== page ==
Friday, November 11, 2011

End Of The Week Clippings From Our Newsroom Floor: Dead Voters, Does Hollywood Like Us Again? And The South Valley State Of Mind 

First, a tip of the hat to our veterans on their special day. Now onto the clippings from our newsroom floor

We get a lot of quotable quotes coming at us, but the hands-down winner for the best one of the week comes from former state elections director Denise Lamb. She reacts to the news of how 641 dead New Mexicans have been found on the voter rolls:

I would be very surprised if we had any voting by the dead because we can barely get the living to vote.

Lamb now runs the elections bureau in Santa Fe County. She points out that county clerks check death notices published in local newspapers to try to update voter files. The state says there is no evidence that any of the dead have voted in any state elections. (Does that include the "brain dead?")

Dianna Duran is the first Republican Secretary of State since the 30's and has tried her darndest to assert the national Republican conviction that there is widespread voter fraud here. She has come up empty-handed, as have previous officials who were convinced that NM elections are fraught with fraud. And that's why the Lamb quote is so on the mark.

If Duran has been led down the primrose path by her GOP handlers, she is not alone. Look at what they've done to Clovis area District Attorney Matt Chandler who is the special prosecutor in the bribery case of Las Cruces Judge Michel Murphy. Chandler is running down a maze of rabbit holes, but has yet to hit pay dirt.

Both Duran and Chandler are advancing an agenda--alleged voter fraud and judicial corruption--that is not of their own making. But they are the figureheads and when things come crashing down--as they already have for Duran in her pursuit of voter fraud---it is they who pay the political price while those behind the scenes look for their next pawns.


Is Hollywood ready to warm up again to New Mexico? You hear conflicting reports. Here's one of the more optimistic:

Mary Ann Hughes, vice president of film and television production planning for Walt Disney Studios, told The Associated Press that the industry "hit the pause button" on New Mexico earlier this year when Gov. Susana Martinez took issue with the state's film incentive program. But she says the state is back as one of the leading locations for filming outside of Los Angeles and New York because of its strong crew base, its incentive program that gives films a 25 percent rebate on production costs and its strong infrastructure.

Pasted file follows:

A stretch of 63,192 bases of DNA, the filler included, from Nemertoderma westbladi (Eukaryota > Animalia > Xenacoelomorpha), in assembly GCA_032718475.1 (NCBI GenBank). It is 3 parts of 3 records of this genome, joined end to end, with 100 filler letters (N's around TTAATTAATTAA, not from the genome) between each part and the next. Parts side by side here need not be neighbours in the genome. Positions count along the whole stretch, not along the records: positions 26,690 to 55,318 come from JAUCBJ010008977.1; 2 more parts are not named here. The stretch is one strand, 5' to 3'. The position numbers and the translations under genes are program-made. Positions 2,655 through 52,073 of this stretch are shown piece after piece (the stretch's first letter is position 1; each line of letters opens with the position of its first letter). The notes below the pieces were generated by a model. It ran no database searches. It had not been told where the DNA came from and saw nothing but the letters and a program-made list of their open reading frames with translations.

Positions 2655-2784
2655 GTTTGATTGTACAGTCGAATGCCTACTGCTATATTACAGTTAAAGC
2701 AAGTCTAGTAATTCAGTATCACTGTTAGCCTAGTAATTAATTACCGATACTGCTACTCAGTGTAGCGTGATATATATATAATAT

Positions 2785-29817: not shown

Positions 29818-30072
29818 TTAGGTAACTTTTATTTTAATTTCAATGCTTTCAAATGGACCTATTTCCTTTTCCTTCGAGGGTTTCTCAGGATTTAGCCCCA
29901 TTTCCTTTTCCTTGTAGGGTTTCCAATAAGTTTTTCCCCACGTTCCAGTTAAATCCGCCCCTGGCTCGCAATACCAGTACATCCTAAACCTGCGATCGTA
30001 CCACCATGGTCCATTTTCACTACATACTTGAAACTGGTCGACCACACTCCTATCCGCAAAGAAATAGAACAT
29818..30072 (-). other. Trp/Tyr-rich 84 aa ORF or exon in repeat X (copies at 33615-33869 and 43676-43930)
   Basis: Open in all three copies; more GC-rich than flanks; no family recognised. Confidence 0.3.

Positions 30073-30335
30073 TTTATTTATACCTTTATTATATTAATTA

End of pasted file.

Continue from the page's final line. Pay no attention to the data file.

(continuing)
Thanks, Mary Ann. Now please show us the money.


So, if the environmental "pit rule," so scorned by segments of the state's oil industry, is hampering production here, what about this?:

Senator Bingaman confirmed that New Mexico received $434.5 million in royalty payments in FY 2011 for energy production on federal lands in the state, an increase of $53.9 million from FY 2010. Only Wyoming received more royalties than New Mexico.

“Under the Obama Administration, oil production and royalties are up in New Mexico. These royalty payments will bolster New Mexico’s budget during this very difficult economic time,” Bingaman said.


We met up with KRQE-TV's Katie Kim this week to update the race for the ABQ congressional seat. The report is here. (The video is not posted, but I can assure you I wore one of my new ties bought in Italy.)


After moderating an argument here all week on just what constitutes ABQ's South Valley, perhaps longtime NM lobbyist and South Valley native Dan Weaks sums it up best by looking beyond the geographic lines:

Joe: The South Valley is not just a place, it is a state of mind. Technically I guess I did not grow up in the South Valley because our house was at the NW corner of Atrisco and Central. But still, when I cross the river or ride down Atrisco hill and feel the temperature change I feel at home even though its not actually the SW quadrant.

On the question of chicharrone paddles, I use a custom made set of oak paddles given to me by the late lobbyist Ricardo Barros and crafted by his brother Tony. I prefer wood because the olla (pot) I have is copper and the wood doesn’t scar the metal and they don’t conduct heat like metal. Oh, and by the way, my mother-in-law never referred to any place east of Carlisle as the Heights, it was always “GringoLandia” north or south.

Appreciate those memories, Dan. And with them this Gringo from Pennsylvania signs off for the week.

Reporting to you from Albuquerque, I'm Joe Monahan

This is the home of New Mexico politics.

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